My father was one of the last British officials of the Raj. After partition, he worked for ten years as a district official for the new Pakistan government and I spent my early years in a tolerant Baluchistan, safe and happy. Decades passed and I found myself a US citizen and living in Florida on 9/11. Then, despite a generally liberal constitution, I spent several years loathing the name of Islam and the fact that moderate Muslims had seemingly failed to prevent the tragedy.
Now comes a further turn in my life: the latest upsurge in Islamophobia has brought me back to my philosophical roots. While not fully able to account for the phenomenon, I am appalled by its manifestation. My inclination is to blame a combination of a bad economy and demagoguery from the likes of Glenn Beck. When we so desperately need them, where are the moderate Republicans of stature to put a stop to this foul nonsense?
Many readers have taken me to task for allegedly allowing my personal feelings and gratitude toward Marty Peretz overwhelm the Dish's usual impatience with rank expressions of bigotry. We posted two examples of such dissents here. I try valiantly not to allow this to happen – and I confess to a deep conflict here. For a more dispassionate – and, on reflection, definitive – treatment of the issue, check out Jim Fallows' post here. It's one of the more elegantly concise arguments against such crude generalizations as "Muslim life is cheap" as one could read. And it helps connect this newly ascendant truism to the bigotries of the past in a way that is truly helpful. I'd like to reassure Jim that "hate the sin, love the sinner" is indeed my sentiment.
Former TNR acting editor, Bob Wright, also elaborates, as he did in his brilliant book, The Evolution of God, (my review here) how the Scriptures of Jews, Christians and Muslims all contain ugly as well as life-saving passages, and how missing their complexity does justice to none of them. The violence done in the name of Jesus over the centuries is certainly comparable to the violence done by Muslims.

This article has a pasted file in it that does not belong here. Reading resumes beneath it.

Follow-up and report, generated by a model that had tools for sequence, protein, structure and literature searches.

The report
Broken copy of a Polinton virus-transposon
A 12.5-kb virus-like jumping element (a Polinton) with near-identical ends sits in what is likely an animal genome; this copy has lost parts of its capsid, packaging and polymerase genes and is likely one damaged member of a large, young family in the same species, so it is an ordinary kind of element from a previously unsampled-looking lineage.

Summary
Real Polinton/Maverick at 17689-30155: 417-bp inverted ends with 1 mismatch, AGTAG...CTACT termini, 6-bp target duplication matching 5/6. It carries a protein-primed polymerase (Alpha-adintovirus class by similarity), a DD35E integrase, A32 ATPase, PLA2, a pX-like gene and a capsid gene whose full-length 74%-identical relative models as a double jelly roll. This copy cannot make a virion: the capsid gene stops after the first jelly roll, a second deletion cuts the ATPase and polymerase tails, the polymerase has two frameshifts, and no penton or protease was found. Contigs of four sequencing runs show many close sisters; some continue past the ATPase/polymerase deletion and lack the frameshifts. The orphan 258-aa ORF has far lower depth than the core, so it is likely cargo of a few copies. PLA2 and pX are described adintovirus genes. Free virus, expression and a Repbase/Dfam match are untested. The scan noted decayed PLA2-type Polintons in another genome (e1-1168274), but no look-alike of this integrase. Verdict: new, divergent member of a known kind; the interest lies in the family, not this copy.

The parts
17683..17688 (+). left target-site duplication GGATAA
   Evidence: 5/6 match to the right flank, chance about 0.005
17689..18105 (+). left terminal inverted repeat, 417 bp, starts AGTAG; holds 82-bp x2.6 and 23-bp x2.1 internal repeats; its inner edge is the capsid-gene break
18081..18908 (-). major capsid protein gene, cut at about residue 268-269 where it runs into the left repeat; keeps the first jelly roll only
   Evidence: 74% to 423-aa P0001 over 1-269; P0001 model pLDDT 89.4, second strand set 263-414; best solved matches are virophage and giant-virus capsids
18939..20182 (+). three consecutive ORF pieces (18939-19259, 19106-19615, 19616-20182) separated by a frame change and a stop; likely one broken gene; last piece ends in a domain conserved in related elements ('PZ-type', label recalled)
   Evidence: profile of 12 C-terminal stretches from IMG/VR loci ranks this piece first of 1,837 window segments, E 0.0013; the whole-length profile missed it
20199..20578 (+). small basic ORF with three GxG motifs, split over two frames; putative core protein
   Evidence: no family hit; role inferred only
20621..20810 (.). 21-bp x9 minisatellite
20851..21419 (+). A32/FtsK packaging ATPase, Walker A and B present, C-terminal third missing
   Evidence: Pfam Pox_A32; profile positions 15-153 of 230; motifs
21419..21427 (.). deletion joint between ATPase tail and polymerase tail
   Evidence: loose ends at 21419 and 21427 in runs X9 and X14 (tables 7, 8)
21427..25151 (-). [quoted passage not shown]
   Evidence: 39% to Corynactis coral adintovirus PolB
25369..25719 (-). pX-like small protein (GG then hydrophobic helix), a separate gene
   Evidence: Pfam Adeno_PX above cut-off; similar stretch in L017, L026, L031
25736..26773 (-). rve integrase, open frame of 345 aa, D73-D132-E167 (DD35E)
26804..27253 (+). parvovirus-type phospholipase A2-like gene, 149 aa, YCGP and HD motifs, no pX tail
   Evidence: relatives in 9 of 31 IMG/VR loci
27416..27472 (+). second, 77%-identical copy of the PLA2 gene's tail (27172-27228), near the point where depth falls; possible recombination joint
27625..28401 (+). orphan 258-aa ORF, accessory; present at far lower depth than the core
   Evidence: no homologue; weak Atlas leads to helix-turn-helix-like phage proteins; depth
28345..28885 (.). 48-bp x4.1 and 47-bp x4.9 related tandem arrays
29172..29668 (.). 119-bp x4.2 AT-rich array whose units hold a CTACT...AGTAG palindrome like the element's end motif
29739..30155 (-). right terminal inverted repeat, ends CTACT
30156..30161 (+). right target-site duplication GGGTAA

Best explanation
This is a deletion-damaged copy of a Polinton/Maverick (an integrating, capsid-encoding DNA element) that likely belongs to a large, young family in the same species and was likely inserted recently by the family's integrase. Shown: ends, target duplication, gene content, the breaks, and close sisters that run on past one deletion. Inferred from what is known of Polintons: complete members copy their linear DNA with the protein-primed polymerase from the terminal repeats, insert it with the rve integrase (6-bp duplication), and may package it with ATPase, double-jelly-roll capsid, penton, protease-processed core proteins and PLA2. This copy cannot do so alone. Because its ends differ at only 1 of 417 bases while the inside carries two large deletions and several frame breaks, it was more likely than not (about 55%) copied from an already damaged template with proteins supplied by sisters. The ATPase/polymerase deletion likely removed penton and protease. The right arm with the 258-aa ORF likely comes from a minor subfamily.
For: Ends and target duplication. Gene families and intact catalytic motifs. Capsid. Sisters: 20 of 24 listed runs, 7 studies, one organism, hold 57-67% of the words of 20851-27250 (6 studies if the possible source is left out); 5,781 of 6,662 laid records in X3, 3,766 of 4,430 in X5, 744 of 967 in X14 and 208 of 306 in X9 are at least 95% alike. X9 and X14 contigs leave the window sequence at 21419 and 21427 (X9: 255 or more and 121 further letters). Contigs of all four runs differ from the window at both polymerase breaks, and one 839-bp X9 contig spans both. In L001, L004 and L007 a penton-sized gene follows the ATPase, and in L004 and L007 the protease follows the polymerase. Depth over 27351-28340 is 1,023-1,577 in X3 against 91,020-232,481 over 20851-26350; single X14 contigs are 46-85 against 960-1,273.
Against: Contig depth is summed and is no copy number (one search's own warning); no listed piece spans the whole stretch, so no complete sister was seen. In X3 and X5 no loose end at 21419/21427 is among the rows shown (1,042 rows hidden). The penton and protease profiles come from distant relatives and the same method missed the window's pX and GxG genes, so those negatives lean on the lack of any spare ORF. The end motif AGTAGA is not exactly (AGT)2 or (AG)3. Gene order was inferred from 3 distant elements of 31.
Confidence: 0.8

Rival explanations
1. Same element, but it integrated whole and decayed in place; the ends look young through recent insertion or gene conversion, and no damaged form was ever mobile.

None of this affects any individual judgment of an individual's motives. But then we have this from the Daily Beast:
"Reached by phone, Peretz offered the following response to [critical] comments before hanging up: 'The notion that after teaching 45 years at Harvard and people giving money in my honor that I have to defend myself – please.' "
In a word: unacceptable. Sorry, Marty, you do have to defend yourself. Addressing the serious and reasoned critiques of Fallows and Wright would be a start.
A reader writes:
In the spirit of vigilantly pointing out what is right under your nose I offer the following critique of this post defending Marty Peretz.
With all these things said about Peretz, the fact remains that if anybody used the exact same language with any other group of people, they would be trashed unambiguously. I think that we may be too quick and harsh to judge in most circumstances, but if the part of the formulation that he didn't apologize for had been made with "Jews" or "blacks," then the person who said it would be persona non grata amongst the intelligentsia and forced into disrespectable retirement.
It wouldn't matter how many other good characteristics they had. Nobody like Jack Shafer would offer any sort of defense whatsoever and you wouldn't write a blog post on how torn you are over it. The condemnation would be clear and simple.
I know you know this and have pretty much said so but still the answer to Jack is "yes WHY are we just worrying about this now? Why has this vileness not been taken head on before? Why are we holding back on this when we wouldn't in other similar circumstances?"
Some forms of bigotry are respectable and anti-Muslim bigotry is the top one. It won't even be a blip in his career while others have gone down for far less. Why should he have a better fate here than any of those people?
Something is very wrong and that matters much more here than noting his otherwise good character and your long friendship with him.
I read your whole post
on Marty Peretz three times and was really blown away by the cognitive
dissonance of it. Your assertion that Peretz is committed to openly
airing debates is terribly unconvincing given his derision of rights
that are designed to foster such debates.
In the span of one week, Peretz wrote two blog posts demonstrating
his open contempt for the First Amendment. He started out by saying,
"I wonder whether I need honor these people and pretend that [Muslims]
are worthy of the privileges of the First Amendment which I have in my
gut the sense that they will abuse." Abuse? It does not appear to